Every time a soldier dies in this country, the news will announce the time and location of his funeral, and thousands of people will attend, most of whom do not even know the family or the one who was killed. It is part of the "One Big Family" syndrome in Israel, and it is the anonymous person's chance to try to help, just by being there.
Last night I paid a shiva call to the Moses family in Efrat, whose 16 year old son Avraham Dovid was murdered last Thursday night in his school, along with seven other innocent boys. Not that one expects a shiva to be fun or entertaining, but there was a wierd energy in the room. Naftali Moses (the father of the boy) balanced his attention between those who had come to keep him company and offer comfort, and his children. His 11 year old son sat next to him, and I believe that he will suffer the most when he fully registers the impact of the death of his brother, who was closest to him in age. As Leah Moses, the stepmother of Avraham Dovid said, "they were each other's rocks."
Another daughter, desperate for her father's attention, started pulling her shirt up and crawling onto Naftali's lap; some woman had the gaul to try to pull the child away, thinking it was the "right thing" to do. The youngest daughter, a social talkative four year old, was very busy planning a sleep over, and canvassed the room to see if she had chosen the appropriate pajamas.
For the most part, the room was quiet, and then an older Israeli woman started chatting away, saying that she did not know the Moses family at all, but that she had an uncle who died recently at the age of 92, and was buried nearby on Kibbutz Lavi. She further explained that she was at this shiva house to show her support for those who live in the Gush and suffer from terrorist attacks.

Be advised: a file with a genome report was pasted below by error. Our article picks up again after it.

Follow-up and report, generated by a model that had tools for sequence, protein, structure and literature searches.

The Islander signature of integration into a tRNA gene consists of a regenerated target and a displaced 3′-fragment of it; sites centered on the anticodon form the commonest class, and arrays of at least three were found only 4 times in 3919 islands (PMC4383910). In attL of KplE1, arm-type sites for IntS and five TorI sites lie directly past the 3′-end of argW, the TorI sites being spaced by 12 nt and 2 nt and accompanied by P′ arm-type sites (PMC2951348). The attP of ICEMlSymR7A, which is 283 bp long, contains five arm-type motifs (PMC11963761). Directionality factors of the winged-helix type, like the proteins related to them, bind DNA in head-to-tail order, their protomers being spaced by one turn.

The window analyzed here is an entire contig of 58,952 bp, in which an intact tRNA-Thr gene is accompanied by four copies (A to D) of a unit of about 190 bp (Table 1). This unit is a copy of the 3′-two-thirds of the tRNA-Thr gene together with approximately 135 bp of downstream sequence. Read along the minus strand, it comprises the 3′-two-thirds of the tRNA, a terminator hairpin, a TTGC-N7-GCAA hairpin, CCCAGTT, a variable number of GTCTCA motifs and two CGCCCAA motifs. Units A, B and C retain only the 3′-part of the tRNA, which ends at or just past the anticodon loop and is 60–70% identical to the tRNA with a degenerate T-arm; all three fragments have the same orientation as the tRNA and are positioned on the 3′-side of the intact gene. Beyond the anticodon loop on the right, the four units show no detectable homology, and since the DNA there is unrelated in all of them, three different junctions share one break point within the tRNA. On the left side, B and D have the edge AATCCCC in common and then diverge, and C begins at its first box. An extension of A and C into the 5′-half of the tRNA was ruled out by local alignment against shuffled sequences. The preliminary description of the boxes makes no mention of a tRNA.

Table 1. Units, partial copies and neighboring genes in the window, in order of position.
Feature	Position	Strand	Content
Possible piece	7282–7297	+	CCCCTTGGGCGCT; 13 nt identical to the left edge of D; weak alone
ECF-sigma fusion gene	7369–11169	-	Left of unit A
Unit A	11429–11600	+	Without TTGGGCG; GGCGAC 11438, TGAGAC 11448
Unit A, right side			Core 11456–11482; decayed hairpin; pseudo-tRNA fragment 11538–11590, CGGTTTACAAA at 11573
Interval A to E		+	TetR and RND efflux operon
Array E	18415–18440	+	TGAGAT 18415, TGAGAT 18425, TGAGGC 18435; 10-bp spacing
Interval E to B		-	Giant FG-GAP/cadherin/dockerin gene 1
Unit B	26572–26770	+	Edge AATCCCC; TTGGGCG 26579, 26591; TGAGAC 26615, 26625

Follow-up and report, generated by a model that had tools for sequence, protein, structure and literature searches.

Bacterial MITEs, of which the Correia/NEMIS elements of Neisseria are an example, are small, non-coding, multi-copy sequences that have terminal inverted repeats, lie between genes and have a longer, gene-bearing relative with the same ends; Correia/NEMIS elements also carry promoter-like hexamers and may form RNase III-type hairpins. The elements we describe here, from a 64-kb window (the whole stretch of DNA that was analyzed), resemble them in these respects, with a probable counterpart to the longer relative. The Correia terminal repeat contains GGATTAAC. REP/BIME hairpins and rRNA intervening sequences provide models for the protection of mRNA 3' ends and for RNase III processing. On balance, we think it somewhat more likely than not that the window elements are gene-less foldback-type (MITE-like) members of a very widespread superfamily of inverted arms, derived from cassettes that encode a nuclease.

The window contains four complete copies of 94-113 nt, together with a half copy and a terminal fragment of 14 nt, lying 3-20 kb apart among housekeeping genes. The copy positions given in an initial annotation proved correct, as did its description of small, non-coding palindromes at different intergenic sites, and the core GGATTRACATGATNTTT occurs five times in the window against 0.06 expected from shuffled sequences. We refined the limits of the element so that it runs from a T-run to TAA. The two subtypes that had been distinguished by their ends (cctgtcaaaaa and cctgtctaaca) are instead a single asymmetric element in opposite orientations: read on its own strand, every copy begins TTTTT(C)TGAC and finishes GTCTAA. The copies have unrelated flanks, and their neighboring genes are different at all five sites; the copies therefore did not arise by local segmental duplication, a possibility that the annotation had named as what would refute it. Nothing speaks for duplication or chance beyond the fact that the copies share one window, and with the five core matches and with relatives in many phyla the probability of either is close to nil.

Later that evening, I saw this same woman gazing adoringly at the photo of Avraham Dovid Moses, and stroking the image, as if it were her own child.
Who is to say what is and is not apporpriate at times like these? I give this woman the benefit of the doubt, and bless her for the kindness she showed this family.
I was at the pool the Friday right after the terror attack, and standing practically naked in the locker room, a Russian woman (also in a towel and not much else) just started shouting. In anger, in grief, to anyone who would listen and respond. She expressed her sadness at the death of these eight boys, her rage at the governement that cannot seem to protect its citizens, and continues to push through the idea of peace and cooperation with those who would murder us, citizen by citizen. This particular Russian woman felt that the best and only solution was for the Israeli government to give out free guns to any Israeli citizen - as opposed to the Israeli Arab citizen who walked into the yeshiva and shot more than 600 rounds of bullets - so that we may protect ourselves in the future.
Who is to say what is and is not appropriate at times like these? But thank G-d for the solider who killed the terrorist, before he could do even more harm.